You can simply click on the Siri icon in the upper right corner of your desktop to access Siri. Since it uses AI, Siri learns more about your usage and behavior pattern as you keep using it and can help you get more things done with just voice. You can use voice commands like increase the volume, FaceTime Tim, check the weather, and more.

How to Find All Your Apps?

Now that you’re aware of the most important change factors you’ll encounter while switching from Windows to MacBook, let’s end with the question you probably are wondering about now. Where the hell are all my applications? Unlike Windows, macOS doesn’t add shortcut icons of new apps on the desktop. Instead, you get a dock, where you can choose to pin your frequently used apps. 

On the dock, you will see the LaunchPad icon, which looks like a square icon with multiple colorful icons of the same shape inside it. Click on this and you will see all your apps listed. 

You can also pinch on the trackpad with all five fingers to access your apps. Swipe horizontally with two fingers on the trackpad to navigate through the list and click to open. Once you have the app open, you can go to Desktop and double-finger click on the app icon in the dock to access the option to keep it in the dock.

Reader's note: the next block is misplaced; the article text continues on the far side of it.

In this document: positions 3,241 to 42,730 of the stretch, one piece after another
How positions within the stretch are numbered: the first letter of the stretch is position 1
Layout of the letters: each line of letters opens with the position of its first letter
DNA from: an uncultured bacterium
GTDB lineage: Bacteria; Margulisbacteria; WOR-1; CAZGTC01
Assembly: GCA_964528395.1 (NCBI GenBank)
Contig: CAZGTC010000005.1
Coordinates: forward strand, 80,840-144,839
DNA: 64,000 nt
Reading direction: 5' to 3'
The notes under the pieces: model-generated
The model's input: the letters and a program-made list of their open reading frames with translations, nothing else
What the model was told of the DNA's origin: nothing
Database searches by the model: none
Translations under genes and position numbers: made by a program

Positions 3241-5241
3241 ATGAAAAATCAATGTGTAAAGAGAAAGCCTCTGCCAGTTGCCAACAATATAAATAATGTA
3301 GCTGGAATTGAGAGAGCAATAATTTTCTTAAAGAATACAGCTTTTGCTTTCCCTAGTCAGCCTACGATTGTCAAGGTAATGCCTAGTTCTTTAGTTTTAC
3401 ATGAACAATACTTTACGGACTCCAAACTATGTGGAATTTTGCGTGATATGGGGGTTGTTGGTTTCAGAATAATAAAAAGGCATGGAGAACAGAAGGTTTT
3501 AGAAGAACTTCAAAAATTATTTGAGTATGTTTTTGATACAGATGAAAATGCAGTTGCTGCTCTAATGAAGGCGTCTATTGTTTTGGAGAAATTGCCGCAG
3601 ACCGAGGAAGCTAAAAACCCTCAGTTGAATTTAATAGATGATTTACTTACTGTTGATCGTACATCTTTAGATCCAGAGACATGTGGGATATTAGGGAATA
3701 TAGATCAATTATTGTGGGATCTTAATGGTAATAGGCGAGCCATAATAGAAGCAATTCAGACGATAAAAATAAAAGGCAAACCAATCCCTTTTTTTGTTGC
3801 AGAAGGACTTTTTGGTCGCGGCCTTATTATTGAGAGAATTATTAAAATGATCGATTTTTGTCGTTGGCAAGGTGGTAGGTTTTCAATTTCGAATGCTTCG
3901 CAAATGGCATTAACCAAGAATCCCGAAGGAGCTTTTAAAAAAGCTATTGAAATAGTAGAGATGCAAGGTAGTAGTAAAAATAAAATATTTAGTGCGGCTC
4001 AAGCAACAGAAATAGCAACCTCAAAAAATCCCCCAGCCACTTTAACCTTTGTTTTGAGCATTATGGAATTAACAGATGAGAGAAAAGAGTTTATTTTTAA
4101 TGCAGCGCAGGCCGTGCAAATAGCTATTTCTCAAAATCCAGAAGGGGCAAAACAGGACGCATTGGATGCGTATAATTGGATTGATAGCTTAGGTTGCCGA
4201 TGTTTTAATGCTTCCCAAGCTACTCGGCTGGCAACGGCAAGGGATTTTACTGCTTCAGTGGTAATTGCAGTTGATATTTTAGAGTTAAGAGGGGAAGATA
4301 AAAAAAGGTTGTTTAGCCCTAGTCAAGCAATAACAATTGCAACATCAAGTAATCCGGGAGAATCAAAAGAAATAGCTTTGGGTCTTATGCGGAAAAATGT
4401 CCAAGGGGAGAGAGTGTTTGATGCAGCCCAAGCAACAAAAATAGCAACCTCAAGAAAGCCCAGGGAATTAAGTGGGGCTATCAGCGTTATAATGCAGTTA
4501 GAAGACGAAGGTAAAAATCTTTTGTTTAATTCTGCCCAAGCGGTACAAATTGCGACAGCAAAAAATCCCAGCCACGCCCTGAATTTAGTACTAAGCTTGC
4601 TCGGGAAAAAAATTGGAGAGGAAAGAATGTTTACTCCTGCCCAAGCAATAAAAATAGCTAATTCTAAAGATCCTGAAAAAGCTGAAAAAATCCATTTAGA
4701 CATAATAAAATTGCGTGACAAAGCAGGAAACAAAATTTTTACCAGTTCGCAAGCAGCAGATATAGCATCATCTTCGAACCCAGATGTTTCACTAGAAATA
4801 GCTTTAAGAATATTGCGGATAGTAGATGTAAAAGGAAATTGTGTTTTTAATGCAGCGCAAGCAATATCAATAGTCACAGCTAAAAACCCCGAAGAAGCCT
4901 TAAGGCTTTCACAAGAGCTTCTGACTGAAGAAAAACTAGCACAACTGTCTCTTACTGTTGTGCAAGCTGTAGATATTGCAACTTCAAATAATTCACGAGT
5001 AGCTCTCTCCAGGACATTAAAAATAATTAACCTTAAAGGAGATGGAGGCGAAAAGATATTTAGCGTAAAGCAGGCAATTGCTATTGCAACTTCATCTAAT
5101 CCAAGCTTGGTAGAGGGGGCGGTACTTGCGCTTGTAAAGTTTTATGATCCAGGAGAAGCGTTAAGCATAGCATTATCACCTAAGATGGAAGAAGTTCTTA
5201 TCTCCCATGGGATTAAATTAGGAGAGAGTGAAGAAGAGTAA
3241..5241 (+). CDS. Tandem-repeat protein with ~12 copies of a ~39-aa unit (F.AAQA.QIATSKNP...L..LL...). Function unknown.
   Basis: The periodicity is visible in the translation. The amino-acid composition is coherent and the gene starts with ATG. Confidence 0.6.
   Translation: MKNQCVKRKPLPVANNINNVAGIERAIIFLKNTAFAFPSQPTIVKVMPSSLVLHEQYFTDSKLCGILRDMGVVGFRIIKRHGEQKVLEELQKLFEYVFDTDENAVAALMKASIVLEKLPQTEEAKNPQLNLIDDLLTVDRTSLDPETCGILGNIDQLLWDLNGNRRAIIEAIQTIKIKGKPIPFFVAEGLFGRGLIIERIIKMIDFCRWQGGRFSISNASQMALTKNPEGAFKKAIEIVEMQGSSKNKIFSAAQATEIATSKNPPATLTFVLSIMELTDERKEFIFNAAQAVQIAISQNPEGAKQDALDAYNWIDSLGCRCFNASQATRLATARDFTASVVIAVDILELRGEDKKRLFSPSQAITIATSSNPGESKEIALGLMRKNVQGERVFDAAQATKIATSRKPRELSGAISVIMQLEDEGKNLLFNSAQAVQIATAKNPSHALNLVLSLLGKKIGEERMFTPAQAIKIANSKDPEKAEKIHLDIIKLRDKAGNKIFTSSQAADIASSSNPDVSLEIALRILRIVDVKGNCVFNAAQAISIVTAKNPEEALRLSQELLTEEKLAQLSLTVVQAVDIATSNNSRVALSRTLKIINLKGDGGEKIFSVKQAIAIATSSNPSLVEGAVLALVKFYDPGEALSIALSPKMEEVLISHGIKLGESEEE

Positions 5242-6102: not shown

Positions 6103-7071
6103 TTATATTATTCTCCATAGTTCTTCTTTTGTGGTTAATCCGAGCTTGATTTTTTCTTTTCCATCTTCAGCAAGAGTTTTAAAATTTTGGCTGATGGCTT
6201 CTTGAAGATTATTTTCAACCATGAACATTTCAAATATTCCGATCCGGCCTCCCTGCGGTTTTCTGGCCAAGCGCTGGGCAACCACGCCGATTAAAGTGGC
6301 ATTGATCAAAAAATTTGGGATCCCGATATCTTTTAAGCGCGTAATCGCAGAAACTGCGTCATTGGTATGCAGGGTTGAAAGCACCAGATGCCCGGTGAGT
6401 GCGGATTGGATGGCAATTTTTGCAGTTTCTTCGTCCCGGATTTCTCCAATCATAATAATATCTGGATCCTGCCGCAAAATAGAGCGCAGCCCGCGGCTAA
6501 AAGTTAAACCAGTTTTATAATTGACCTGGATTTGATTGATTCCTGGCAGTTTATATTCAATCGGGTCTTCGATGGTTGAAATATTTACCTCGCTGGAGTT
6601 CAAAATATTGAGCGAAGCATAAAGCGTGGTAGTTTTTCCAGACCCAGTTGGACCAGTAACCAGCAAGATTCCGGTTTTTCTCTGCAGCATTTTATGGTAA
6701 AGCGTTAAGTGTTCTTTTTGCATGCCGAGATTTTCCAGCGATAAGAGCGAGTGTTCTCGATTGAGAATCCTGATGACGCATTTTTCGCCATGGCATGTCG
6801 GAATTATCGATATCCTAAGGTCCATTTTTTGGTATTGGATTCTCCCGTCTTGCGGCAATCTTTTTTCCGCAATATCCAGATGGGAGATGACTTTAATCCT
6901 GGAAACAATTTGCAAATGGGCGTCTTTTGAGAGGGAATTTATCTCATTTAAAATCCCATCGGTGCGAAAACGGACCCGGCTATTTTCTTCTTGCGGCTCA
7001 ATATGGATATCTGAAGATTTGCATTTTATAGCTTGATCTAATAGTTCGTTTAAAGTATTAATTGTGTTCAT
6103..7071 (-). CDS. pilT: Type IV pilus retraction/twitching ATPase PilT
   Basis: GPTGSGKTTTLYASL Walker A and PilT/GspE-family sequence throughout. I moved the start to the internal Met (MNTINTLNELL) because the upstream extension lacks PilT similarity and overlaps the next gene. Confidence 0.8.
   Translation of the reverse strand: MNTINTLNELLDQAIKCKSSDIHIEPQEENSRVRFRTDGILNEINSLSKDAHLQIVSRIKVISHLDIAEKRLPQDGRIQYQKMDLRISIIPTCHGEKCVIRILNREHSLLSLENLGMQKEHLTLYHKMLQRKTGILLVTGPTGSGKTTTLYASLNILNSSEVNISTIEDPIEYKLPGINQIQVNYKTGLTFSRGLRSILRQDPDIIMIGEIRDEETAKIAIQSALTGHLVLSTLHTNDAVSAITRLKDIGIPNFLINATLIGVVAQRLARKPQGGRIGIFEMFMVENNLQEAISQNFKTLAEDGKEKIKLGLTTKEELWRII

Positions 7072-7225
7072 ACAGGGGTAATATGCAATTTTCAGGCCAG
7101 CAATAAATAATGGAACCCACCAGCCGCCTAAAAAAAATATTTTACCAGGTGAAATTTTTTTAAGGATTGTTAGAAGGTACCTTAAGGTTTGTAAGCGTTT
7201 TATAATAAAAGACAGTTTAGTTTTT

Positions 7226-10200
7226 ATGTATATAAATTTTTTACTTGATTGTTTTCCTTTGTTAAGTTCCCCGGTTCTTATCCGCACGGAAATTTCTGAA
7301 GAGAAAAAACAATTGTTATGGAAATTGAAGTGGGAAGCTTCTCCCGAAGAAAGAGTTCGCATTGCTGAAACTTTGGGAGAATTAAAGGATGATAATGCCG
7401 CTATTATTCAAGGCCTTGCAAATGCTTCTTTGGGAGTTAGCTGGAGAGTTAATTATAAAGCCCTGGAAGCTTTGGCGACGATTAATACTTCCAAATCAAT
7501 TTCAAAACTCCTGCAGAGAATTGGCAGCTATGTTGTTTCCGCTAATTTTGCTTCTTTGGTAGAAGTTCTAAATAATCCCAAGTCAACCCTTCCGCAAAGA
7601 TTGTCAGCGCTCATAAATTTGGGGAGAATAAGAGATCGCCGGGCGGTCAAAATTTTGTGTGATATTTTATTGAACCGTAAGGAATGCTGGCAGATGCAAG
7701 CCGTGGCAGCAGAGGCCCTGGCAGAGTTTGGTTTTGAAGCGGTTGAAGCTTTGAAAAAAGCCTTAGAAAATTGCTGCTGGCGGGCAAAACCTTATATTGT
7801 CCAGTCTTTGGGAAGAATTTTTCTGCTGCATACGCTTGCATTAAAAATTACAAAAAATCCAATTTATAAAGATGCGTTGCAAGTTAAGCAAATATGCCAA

Conclusion

These are the most basic tips that anyone would need to know to get started with their new MacBook. However, there’s more to macOS than just basic navigation and voice commands. If you’ve purchased the MacBook for professional usage, you’ll benefit a lot from knowing every nuance there’s to know.

Things like how to deactivate from a Wi-Fi network without turning off your Wi-Fi during recording or how to take a complete backup of your MacBook using Time Machine feature. Moreover, there are additional features like iMessage, FaceTime, iCloud, Photos, and Family Sharing, which need to be managed otherwise you’ll end you wasting a lot of your precious cloud storage space. Taking a professional Apple class for MacBook will help you get acquainted with all of these and more.